Virgin Media's dual and triple play TV deals are a great example of this: it's more expensive to get more services - but the cost of the TV part of the deal drops considerably as soon as we add home phone, or phone and broadband.
And while they no longer offer Broadband Lite, Sky still have a cheaper "light use" broadband package specifically for customers who already have TV and phone.
If that kind of bundling to save sounds tempting, check the available deals here.
However, just as the movie has taught us, sometimes trying to get "cheaper by the dozen" can end up being more, rather than less, complicated.
The focus should always be on getting what we really want first, making sure it fits our budget. Adding TV won't be worthwhile unless we actually use it.
3. Long contracts
As could be expected, taking a longer broadband contract usually means taking a cheaper deal.
Most contracts last a minimum of 12 months, but add in fibre or TV services and you're likely to face an 18- or even 24-month commitment.
This is, increasingly, also true of calls.
Even those providers who offer a flexible rolling broadband contract (more on those here), often insist on a 12 month line rental contract.
And as line rental costs go through the roof, many canny providers have found they can get people to commit to a year or more with them by way of their upfront line rental deals.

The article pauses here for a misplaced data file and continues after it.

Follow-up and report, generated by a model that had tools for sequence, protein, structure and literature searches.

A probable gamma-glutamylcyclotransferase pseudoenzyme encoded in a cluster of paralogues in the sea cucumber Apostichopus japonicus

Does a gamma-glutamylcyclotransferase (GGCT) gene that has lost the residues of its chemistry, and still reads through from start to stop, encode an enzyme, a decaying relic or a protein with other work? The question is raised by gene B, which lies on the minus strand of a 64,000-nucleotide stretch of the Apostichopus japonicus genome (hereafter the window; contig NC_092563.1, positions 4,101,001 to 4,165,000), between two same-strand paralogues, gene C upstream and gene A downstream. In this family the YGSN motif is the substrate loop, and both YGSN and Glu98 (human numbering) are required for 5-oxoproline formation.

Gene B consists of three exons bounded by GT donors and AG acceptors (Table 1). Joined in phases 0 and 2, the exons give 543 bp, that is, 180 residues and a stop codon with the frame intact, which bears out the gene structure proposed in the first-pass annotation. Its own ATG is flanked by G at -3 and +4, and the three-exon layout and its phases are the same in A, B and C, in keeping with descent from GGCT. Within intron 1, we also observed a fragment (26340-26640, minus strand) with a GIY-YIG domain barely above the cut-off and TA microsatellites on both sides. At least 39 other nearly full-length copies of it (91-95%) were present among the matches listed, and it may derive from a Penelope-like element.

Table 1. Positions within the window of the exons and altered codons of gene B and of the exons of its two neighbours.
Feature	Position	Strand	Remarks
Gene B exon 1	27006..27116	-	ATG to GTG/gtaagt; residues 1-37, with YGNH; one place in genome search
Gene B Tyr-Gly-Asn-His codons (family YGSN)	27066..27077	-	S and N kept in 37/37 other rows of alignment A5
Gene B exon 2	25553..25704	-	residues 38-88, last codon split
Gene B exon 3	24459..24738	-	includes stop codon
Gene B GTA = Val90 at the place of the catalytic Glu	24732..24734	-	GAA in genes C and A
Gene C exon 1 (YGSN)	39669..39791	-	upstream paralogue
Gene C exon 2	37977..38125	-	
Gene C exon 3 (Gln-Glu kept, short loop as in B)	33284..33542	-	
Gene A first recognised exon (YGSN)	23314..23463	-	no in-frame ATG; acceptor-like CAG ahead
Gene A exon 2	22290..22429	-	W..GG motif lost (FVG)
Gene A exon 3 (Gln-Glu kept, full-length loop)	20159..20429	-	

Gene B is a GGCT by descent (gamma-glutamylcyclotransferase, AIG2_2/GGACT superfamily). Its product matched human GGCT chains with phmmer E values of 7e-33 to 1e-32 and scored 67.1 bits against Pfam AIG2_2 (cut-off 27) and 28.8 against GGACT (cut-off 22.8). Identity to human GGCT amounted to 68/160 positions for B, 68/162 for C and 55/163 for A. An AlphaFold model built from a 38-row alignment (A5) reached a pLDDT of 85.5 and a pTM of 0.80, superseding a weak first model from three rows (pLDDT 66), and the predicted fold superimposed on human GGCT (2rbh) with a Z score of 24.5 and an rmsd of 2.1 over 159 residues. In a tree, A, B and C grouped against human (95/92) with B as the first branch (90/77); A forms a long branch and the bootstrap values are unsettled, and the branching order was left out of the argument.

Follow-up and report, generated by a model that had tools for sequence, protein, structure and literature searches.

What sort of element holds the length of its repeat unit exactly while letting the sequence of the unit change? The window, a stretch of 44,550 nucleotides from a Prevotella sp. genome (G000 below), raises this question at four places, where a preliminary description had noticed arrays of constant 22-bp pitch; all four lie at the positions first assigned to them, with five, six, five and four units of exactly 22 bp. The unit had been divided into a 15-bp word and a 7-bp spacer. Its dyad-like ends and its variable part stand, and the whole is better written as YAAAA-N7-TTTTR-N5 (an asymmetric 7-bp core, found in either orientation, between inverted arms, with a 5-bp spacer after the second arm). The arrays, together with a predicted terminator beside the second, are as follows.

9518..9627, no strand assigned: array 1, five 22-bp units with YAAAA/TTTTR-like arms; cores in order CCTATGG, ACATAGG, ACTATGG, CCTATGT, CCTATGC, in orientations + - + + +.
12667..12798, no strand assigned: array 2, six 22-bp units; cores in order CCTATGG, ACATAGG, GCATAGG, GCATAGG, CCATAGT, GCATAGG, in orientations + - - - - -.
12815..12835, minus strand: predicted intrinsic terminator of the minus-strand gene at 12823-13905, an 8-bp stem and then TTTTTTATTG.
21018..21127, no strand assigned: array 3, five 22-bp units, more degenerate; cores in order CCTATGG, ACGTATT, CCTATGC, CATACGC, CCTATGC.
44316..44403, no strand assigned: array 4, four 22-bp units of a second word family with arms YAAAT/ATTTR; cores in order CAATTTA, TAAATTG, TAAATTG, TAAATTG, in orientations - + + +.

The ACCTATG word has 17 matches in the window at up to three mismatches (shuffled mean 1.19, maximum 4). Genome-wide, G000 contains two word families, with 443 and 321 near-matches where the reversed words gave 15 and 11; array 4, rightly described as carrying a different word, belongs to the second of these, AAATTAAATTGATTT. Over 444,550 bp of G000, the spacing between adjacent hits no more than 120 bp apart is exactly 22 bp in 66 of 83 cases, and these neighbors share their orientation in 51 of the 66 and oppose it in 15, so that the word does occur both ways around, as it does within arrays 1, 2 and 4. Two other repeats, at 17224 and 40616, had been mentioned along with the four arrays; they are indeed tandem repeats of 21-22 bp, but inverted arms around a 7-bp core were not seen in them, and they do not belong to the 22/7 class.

As we outlined above, these deals can knock a considerable amount off the monthly price of line rental, but in most cases the money is non-refundable. The upfront option effectively ties customers in for at least another year, regardless of when the minimum contract period ends.
To find out more about reducing the cost of line rental, including more pay upfront deals, see our guide here.
4. Even cheaper broadband and calls:
free wi-fi and VoIP
However much we cut the monthly cost of broadband and calls, we'll still be paying upwards of £17 or £18 for the landline, assuming we're happy to be locked into a long contract.
Those who often move house or only need access to the internet very occasionally may find that free wi-fi could be the answer.
Finding free wi-fi
Thousands of cafes and pubs across the UK offer free wi-fi to their customers.
As well as thousands of independents, that includes some of the biggest brands - McDonalds, Wetherspoons, Walkabout and Pret a Manger are just four examples - but it's worth considering that shelling out for a few coffees a week to use these connections could soon add up... and possibly cost more than getting a landline and broadband contract.
Those looking to cut down on call costs may also want to consider free VoIP services such as Skype and Sipgate.
Users need to download the same software as each other - which is almost always free from the service's website. Then it's simply a case of choosing a username, finding their friend's username, and hoping the internet connection on both ends is fast enough.
From setup to speaking, it takes just a few minutes and, as long as users don't exceed their data allowance, it's totally free.
There's more in our guide to making cheap international calls here.